The Curious Case of TCU
I haven’t had a good rant in a while, but I figured this was rant worthy. As some of you may have noticed, TCU dropped 3 spots in the CFP committee’s ranking this week to #18 after beating the Jayhawks this weekend. Although it may not have been in an impressive fashion one should keep in mind Boykins left early in the 1st quarter, but this isn’t about the TCU and Kansas game. No, I want to focus on Navy jumping 4 spots for beating a bad SMU team and moving ahead of TCU. Here at Big 12 Fanatics we love the Armed Forces and are grateful for their service to our great country. In fact, I once wrote an article saying we should invite Army and Navy into the Big 12 and still think that would be a great way to expand, so this isn’t a slam on Navy, this is a slam on the system.
So here are the facts:
- TCU is getting criticized by just about everybody for not playing a tough out of conference schedule and they have nobody to blame but themselves. The thing is, the first two weeks of the season, TCU actually gained a point in the AP poll after going 2-0 and was firmly in 3rd place by themselves after playing at Minnesota and Stephen F. Austin. In week 3 TCU played SMU, their longtime rival that is always on their schedule, beat them by 19 points and dropped 19 votes in the AP poll down into a tie for 3rd place. A couple weeks later, only after playing Big 12 opponents they eventually regained their lost votes, set their high water mark on the season for AP votes by moving into 2nd place, but the fact remains they lost votes after beating SMU and dropped into a tie.
- TCU and Navy both have one loss coming from two of the heavyweights this year, undefeated Oklahoma State for TCU and 1 loss Notre Dame for Navy.
- Both teams have out of conference games that they schedule every year. TCU always plays SMU with 95 games between them, Navy has played Army 115 times with the last game missed being back in 1929, and Navy playing Notre Dame is currently have the longest uninterrupted series in college football going back to 1927. So you could say that they have some prior commitments to take care of. That means they have two and one games respectively that they can schedule. Keep in mind, that while Notre Dame is a formidable team for an out of conference game, TCU’s schedule plays the entire Big 12, while Navy’s schedule plays a random draw of the American Conference. So how do these two stack up on out of conference opponents of their choosing? TCU signed to play at Minnesota, a respectable Big Ten opponent, and then an FCS cream puff in Stephen F. Austin of the Southland Conference. With Navy’s one opening they signed an FCS cream puff, the Patriot League’s Colgate, to add to their already weaker American Conference schedule.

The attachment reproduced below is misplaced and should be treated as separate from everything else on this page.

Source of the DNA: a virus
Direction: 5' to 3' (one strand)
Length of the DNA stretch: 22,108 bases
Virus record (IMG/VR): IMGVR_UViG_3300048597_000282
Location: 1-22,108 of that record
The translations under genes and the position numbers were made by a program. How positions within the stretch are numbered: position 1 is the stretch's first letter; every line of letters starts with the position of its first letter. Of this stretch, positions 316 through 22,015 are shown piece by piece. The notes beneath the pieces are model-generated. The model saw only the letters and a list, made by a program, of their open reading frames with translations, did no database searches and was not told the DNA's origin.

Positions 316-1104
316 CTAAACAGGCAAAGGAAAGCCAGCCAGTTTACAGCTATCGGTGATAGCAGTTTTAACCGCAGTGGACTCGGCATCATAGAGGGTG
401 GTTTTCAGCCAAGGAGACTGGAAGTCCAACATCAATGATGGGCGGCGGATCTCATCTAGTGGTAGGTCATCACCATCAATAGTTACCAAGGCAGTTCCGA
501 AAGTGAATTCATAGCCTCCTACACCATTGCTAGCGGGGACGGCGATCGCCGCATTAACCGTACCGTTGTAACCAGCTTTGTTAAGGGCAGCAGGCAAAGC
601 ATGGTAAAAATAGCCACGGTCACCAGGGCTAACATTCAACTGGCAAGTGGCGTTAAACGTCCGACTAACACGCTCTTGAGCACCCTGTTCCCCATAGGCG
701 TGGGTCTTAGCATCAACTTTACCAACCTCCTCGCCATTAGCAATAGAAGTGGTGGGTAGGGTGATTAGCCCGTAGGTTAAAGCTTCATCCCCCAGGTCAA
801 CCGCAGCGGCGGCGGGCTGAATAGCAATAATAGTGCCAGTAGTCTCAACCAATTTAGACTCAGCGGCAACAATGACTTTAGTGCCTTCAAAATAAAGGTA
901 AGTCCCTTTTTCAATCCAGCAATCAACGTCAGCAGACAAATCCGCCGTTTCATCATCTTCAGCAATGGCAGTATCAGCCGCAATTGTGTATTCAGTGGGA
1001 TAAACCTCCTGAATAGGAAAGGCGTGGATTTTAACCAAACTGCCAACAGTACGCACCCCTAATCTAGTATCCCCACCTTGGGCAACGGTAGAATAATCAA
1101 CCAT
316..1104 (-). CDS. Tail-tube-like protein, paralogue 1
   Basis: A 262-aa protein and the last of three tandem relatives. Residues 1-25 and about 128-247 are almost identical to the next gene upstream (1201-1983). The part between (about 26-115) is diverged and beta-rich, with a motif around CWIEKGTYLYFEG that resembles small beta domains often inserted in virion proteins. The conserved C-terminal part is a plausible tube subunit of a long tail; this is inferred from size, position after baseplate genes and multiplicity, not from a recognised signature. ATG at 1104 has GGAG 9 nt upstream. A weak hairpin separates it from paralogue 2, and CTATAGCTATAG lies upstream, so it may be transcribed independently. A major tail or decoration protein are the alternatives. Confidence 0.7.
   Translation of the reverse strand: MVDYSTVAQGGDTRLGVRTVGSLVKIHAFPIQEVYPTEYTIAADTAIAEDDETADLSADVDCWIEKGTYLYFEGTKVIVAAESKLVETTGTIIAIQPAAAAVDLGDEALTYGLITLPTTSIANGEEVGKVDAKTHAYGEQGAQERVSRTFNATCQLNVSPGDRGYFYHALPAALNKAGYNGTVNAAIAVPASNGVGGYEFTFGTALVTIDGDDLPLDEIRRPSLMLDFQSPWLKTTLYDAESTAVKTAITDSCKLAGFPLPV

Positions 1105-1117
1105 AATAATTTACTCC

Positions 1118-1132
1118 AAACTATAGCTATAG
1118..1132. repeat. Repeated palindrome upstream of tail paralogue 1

- This week Navy shoots up 4 spots to #16, ahead of TCU now at #18, in the CFP Committee’s ranking for beating SMU, the same team TCU was punished for playing.
- The Committee dropped TCU 4 spots this week for beating a terrible P5 team in Kansas, yet raised Navy 3 spots for beating a terrible G5 team in SMU. No matter the scores is it really worth a 7 spot swing in the poll for beating a terrible G5 team compared to a terrible P5 team? It doesn’t make sense.
- Two loss Stanford dropped 4 spots to #11 in the CFP poll for losing to an unranked Oregon this week. Remember, one loss TCU dropped 3 spots to #18 for beating a bad Big 12 team.
So what is this all about? Why is TCU dropping like a rock for winning against really bad P5 teams? Why is Navy shooting up through the roof for beating really bad G5 teams? Why is Stanford dropping about the same as TCU for actually losing to unranked teams?
The answer lies in South Bend. Both Navy and Stanford are on Notre Dame’s schedule this year. TCU happens to be on Oklahoma, Baylor and Oklahoma State’s schedule, so there is the main difference. This is the game they play. A couple tricks here and all of the sudden one loss Navy and and two Stanford are better wins than TCU (and presumably our other Big 12 teams as they lose down the stretch). Outside of their own teams ranking, the random jumps going on with the teams who have no chance to make the playoffs are largely being ignored by the public because nobody is really paying attention to anything but the top 6 or 7 spots. This is the trick, because the teams they rank in the #5 to #25 range will be in the end what they use to justify their top 4 playoff picks. If Notre Dame wins out they will specifically point to the big win against Stanford and that Navy was a better win for Notre Dame than TCU was for any of the Big 12 schools. What they won’t point to, and nobody will care to research, is how three weeks before the final vote Navy innocuously jumped TCU without merit by a combined 7 spots in the rankings to become a better win.
So am I actually accusing the committee of cooking the books in order to get certain teams in the playoffs that they and their tv partner prefer? I’ll let you decide.
In the words of a great man who inspired this topic, it wouldn’t surprise me at all if we are getting done dirty.